il last meeting. It wait decided that
at all of the churches the same theme
should be employed—"The Young
Mm." and that each congregation
should be asked to contribute an otter
ing for the Y. M. C. A
1' wa- also decided that there should
lie a general exchange of pulpits on
the occasion. The allotment was left
to a committee of one member,who in
assigning to the ministers churches
fir their special effort was to employ
the scriptural method of casting lots
All hud agreed that no minister was
to be informed of bis assignment un
til 1 o'clock Sunday afternoon.
With very few exceptions, there
fore, none of the congregations of
town, last evening knew who was to
address them until they entered their
respective places of worship.
The sermons preached last evening
without exception were very effective,
aiming to impress upon those present
the need of an active and well organ
ized Y. M. C. A. in every community
to look after the moral and religious i
welfare of the young men and boys;
also the responsibility that devolves on
the community to see to it that the as
sociation recieves adequate support. i
Assignments were made as follows
by the committee:
Shiloh Refoimeil church. Kev.
George S. Womer.
Trinity Methodist Episcopal church,
Kev. J. H. Musselman.
Pine Street Lutheran church. Rev.
Charles Cameron Suavely.
St. Paul's Methodist Episcopal
church. Rev. A. J. Itey, D. D.
Mahoning Presbyterian church, Rev.
Joseph E. Guy.
First Baptist church. Rev. C. 1).
United Evangelical church. Kev.
.Tatues Wollaston Kirk.
Charles E. Reigel and Charles Rote, |
the two patients who escaped from 1
the hospital for the insane Monday, !
were captured aud returned to the in
stitution Tuesday. Each of the |men I
paid a penalty for his indiscretion in j
attempting to escape duiing zero I
weather; both of Reigel's feet were '
frozen. Rote was a little more fort- 1
unate, only one foot being injured by !
the rrost, although, like his com pan- '
ion, he suffered great discomfort. i
Tuesday morning the two men were |
found in the barn of Peter Dyer about I
a mile from Pottsgrove on the Mon- j
tandon road. The men bore the ap- 1
pearance of having been on a tramp j
and were in a deplorable condition, |
their feet being frozen as described
It did not take Mr. Dyer long to
discover that the two men were escap
ed patients, lie did what he could to
make the poor fellow comfortable, en
dcavoriug meanwhile to inform the
hospital authorities that the patients I
had been captured. He entrusted his
| message to a milkman, who on arriv- '
I ing at Danville in turn telephoned the
news to the hospital.
; Tuesday afternoon the hospital au
i tliorities sent a conveyance out to the
, Dyer faiui aud brought the elopers
hack tithe institution.
The two men escaped early Monday
; afternoon. Reigel's home is near Lew*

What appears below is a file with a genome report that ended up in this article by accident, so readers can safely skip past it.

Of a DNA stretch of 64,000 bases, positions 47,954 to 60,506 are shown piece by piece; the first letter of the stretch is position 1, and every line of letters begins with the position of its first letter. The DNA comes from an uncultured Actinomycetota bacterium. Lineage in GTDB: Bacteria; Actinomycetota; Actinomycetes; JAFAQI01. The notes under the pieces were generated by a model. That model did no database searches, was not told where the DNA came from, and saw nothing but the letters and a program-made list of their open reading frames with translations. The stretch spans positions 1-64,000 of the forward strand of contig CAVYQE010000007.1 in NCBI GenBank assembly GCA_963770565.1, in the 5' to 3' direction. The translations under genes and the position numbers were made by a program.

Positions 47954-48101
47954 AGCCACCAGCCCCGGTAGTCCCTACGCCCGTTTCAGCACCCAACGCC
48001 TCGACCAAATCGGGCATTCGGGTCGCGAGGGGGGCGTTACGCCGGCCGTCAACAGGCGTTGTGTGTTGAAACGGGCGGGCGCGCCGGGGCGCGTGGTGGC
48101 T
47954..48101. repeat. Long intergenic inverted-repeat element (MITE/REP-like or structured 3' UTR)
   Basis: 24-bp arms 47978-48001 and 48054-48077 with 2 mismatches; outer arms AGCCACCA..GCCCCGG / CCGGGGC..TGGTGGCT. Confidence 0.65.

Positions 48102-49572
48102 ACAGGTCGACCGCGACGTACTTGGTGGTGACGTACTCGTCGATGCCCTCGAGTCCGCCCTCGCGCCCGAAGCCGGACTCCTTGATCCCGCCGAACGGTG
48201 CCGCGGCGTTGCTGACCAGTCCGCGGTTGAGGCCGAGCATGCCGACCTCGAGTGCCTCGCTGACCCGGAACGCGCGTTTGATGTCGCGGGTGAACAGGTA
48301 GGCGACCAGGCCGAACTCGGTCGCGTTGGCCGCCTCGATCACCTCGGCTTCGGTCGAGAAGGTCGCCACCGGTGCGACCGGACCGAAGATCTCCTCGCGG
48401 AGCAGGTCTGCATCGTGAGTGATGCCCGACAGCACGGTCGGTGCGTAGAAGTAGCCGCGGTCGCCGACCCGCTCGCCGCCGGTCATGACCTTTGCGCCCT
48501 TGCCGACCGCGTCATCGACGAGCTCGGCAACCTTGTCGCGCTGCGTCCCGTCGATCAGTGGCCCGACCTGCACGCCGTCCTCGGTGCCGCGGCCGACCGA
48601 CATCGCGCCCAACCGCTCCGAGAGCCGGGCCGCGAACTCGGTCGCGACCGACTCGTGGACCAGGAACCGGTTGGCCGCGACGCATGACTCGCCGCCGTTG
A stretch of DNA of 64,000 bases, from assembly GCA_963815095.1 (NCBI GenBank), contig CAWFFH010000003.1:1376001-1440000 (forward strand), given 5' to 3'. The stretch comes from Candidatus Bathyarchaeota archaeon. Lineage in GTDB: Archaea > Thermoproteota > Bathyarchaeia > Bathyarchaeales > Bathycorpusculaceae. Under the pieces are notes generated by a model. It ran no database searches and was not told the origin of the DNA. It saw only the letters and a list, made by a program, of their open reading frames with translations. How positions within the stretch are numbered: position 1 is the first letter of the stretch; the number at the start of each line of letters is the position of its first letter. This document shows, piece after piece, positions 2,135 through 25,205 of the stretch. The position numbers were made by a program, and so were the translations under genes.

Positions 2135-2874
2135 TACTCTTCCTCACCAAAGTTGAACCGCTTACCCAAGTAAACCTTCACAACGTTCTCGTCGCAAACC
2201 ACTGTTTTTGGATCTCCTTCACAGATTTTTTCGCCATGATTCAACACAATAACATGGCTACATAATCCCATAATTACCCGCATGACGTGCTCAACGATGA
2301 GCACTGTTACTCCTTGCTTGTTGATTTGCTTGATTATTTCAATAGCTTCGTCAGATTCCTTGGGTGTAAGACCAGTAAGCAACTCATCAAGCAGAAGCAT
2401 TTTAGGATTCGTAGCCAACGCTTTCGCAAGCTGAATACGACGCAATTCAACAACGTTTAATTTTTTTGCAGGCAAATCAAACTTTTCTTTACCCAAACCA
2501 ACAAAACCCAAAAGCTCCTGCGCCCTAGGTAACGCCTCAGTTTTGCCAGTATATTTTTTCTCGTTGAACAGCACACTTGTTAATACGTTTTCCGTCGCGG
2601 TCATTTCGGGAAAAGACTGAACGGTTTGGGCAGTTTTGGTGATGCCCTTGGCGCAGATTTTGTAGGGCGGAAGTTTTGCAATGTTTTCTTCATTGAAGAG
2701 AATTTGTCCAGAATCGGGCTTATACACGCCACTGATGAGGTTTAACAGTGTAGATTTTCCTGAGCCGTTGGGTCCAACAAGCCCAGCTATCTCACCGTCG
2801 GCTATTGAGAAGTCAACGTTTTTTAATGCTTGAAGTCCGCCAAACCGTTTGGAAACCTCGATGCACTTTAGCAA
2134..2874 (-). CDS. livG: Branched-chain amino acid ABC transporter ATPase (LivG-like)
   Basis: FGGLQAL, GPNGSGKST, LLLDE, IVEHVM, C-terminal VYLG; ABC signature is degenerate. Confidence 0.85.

i isburg and there is little doubt that
the two men were bound for that des
l tination. They were too cunning, how
; i-ver, to follow the beaten routes of
j travel, but iu leaving the hospital
struck out northward through the
snow. Crossing Bloom road they kept
on till they came to Frosty Valley,
whence they proceeded in the direct
ion of Lewisburg without incurring
much danger of detection.
Julius Motisohlin one of the pro
prietors of the Cold Spring Brewery,
at Sunbury,died suddenly at his home
in that place yesterday morning at 4
o'clock. He was aged about ti!s years.
Death was due to heart trouble.
Mr. Moeschlin was born in Ger
many, and came to this country in
181)7 and a vear later located at Sun
j bury, where he has since resided. He
j was well-known iu Danville.
The funeral will bo held Saturday
afternoon at 2 o'clock.
Titer tn be a lingering snspic
ion that ainolii.' the multitude that fall
into the police dragnet about thi* tune
of vear are a goodlv number botn with
a natural aversion to work who would
a little rutin r putin a month or «o
behind the bats where there is steam
hi it and three meals a day than to as
sume the responsibility of looking out
! ir themselves during this zero weath
. r In order to give this class a proper
reception it has been decided to adopt
■i bre i I ami water diet I >r certain
cases at Poit Start/.ell.
This d.ies not imply that roast beet
or turki v with cranberry sauce is ord
inarily on the menu at county prisons,
hut it does suggi st that the daily bill
of fare at those placi s is of a sort that
proves very satisfying to the fellow
who is used to subsisting without
woi l>.
The new order of things went into
effect at the Montour county prison
yesterday when Charles Rainier was
committed for thirty days. Rainier
has given the officers a good deal ot
trouble for some time. He is charged
with being drunk, in additiou to which
he became an annoyance by violating
the rules about the Continental engine
bouse. Frequenting or loafing in this
building at night is strictly forbidden.
Rainier possessed the secret of getting !
into the building whenever be want
ed to and was often found there after i